The Meet Jesus Music album led John Pac, today head of A&R for Kingsway, to book the studio, asking John Pantry to come and produce some Christian bands. Kaufman reminisced in European Christian Bookseller magazine about the experience: "I remember the first time John Pantry came down he brought some musicians with him who were used to secular studios. They took one look at what we had and then looked at John Pantry as if to say "You must be joking.' The studio was actually more like a living room. We had egg box carton layers for wail insulation. But the sound turned out very good."
ICC had invested in an 8,000 eight-track machine. Gradually as the 70s rolled on ICC became known as the place to record Christian music, in fact often it seemed the only place to record. "In the late 70s we had an explosion. The studio was being booked for an entire year, we were actually turning out 60 albums a year."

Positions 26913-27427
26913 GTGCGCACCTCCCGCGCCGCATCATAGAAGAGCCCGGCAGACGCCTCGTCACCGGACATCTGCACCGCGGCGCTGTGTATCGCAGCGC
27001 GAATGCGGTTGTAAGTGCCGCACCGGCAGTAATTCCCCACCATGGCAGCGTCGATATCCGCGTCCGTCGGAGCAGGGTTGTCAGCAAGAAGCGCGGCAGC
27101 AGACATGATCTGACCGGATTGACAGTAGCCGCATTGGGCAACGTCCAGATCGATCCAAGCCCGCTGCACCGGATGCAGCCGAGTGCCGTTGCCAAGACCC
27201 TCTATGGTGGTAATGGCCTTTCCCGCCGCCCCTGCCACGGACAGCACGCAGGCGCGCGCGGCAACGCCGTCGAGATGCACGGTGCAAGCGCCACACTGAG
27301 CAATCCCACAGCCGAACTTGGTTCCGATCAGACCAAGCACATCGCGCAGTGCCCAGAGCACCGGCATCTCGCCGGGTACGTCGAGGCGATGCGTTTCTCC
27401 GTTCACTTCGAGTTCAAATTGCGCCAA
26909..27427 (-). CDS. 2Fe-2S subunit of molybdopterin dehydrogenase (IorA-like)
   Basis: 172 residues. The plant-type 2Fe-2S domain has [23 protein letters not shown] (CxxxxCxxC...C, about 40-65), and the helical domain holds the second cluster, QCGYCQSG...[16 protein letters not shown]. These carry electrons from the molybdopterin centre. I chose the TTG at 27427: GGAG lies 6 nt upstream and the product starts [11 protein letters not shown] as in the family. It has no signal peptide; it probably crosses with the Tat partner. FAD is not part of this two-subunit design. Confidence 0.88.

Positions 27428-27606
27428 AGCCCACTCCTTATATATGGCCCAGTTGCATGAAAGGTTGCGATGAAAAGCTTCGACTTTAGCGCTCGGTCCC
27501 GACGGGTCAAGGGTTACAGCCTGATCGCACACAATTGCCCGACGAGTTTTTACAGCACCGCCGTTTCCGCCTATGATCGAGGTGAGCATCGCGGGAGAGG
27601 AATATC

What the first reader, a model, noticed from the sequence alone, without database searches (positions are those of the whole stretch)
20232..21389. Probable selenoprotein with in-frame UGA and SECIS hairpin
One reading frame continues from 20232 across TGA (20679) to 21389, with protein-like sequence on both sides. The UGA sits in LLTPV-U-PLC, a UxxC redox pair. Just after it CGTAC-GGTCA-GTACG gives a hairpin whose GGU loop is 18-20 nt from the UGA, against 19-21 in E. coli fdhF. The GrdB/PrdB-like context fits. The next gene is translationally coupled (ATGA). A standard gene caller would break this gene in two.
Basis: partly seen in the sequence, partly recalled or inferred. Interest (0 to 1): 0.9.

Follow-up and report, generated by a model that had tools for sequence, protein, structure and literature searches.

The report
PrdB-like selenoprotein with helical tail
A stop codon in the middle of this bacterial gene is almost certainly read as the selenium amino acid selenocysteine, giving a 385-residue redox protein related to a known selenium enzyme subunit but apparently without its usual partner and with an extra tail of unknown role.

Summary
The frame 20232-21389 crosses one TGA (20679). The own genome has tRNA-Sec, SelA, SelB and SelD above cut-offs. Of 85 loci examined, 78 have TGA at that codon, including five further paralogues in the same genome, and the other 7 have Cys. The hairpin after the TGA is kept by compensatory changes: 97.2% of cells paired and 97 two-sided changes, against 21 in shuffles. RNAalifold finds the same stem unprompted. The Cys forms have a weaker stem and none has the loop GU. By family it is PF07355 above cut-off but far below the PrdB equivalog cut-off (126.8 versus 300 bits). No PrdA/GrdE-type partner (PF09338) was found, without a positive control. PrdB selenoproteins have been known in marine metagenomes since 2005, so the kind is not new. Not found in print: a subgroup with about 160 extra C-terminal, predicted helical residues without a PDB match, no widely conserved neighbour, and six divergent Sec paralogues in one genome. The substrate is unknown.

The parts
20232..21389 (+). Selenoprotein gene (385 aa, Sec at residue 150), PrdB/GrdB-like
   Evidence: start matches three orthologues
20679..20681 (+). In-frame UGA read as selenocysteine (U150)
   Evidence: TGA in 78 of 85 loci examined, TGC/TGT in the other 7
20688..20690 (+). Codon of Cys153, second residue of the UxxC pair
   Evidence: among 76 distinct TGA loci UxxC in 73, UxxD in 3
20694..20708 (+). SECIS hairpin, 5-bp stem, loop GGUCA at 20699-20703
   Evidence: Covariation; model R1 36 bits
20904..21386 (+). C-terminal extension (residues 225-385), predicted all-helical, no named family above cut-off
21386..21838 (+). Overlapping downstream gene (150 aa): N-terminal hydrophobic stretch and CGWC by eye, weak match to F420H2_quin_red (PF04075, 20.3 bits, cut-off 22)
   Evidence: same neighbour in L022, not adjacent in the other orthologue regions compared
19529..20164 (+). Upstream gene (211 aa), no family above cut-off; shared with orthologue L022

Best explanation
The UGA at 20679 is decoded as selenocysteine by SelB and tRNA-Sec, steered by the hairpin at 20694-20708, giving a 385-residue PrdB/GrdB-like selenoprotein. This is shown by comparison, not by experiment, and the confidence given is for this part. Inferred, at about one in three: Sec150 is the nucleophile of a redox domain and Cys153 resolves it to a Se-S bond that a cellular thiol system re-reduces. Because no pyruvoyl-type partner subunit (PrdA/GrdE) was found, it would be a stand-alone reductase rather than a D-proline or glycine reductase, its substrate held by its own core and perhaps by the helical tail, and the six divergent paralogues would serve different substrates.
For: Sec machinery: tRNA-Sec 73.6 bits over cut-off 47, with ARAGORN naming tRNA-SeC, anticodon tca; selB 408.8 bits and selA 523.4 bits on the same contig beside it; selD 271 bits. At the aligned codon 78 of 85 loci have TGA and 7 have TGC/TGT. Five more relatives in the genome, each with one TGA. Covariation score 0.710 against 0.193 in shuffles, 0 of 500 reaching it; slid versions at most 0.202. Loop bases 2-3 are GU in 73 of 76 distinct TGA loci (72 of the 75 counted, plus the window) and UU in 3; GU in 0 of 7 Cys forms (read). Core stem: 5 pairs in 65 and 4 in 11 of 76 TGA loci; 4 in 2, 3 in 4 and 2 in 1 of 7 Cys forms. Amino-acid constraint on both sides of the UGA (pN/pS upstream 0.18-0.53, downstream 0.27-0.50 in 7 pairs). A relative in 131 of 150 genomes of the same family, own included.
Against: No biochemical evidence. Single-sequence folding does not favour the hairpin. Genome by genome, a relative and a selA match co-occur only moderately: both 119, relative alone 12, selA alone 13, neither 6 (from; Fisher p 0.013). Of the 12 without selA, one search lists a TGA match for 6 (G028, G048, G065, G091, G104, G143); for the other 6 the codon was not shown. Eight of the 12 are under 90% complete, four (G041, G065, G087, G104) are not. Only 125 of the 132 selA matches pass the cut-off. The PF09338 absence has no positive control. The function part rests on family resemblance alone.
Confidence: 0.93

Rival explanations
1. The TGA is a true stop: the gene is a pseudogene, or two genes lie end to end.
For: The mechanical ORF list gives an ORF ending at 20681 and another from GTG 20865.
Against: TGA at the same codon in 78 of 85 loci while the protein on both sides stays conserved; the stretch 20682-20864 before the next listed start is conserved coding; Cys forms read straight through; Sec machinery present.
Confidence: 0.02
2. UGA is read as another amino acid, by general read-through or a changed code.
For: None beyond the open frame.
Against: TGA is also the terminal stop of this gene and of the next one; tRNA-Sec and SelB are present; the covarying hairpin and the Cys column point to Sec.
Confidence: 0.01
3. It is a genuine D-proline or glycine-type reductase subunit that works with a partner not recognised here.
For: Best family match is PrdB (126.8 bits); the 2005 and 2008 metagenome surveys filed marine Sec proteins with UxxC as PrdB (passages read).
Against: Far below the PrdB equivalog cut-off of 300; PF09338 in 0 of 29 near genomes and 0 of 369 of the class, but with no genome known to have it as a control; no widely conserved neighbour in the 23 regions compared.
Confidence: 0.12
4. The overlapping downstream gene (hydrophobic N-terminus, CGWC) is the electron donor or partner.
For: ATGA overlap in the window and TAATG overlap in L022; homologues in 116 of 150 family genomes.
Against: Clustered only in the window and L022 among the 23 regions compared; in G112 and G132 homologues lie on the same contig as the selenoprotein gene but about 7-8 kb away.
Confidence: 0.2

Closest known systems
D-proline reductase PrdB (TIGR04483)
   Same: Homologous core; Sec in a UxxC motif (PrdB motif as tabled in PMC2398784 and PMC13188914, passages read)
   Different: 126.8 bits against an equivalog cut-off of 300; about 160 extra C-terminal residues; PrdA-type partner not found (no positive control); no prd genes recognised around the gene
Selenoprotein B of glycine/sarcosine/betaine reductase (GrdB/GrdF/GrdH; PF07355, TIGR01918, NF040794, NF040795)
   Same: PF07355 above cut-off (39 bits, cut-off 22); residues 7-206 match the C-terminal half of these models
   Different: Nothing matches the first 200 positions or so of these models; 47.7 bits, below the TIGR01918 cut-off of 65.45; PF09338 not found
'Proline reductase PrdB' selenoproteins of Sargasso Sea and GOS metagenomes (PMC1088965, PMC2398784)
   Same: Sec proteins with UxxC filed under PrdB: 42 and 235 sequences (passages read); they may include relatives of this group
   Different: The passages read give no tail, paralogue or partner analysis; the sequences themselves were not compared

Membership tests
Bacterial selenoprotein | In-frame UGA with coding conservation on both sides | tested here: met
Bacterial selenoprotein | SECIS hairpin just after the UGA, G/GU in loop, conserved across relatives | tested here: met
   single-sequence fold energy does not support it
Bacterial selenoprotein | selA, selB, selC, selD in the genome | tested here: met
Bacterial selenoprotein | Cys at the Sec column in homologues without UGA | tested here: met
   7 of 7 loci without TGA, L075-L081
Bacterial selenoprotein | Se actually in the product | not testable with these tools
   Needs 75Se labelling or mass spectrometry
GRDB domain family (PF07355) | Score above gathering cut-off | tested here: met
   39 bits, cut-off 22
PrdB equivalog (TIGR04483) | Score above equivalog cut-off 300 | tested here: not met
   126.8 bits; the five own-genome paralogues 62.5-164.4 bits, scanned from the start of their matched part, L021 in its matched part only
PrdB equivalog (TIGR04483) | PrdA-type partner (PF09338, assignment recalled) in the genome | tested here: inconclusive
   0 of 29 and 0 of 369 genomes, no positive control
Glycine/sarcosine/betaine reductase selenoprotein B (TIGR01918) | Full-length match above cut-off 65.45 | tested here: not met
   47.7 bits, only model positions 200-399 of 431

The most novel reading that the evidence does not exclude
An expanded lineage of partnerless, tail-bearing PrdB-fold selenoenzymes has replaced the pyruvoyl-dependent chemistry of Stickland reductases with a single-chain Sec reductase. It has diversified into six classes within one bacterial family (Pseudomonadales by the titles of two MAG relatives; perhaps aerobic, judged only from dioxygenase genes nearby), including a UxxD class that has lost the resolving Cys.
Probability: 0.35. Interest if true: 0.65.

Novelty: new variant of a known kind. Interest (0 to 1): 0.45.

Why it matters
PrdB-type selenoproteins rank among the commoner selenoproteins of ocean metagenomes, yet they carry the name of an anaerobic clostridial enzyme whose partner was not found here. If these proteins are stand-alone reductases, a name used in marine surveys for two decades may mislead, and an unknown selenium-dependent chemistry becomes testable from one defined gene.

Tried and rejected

Not surprisingly, creative standards were usually woeful. "We were using the same four or five musicians on every album. There was nothing new, No adventure. We were throwing mud at the wall to see if any of it stuck. Not much did because the records were bad. ICC began to lose credibility, musicians heard all these pretty terrible albums which were recorded at ICC and suddenly we had lots of Christian artists going to secular studios rather than coming to us."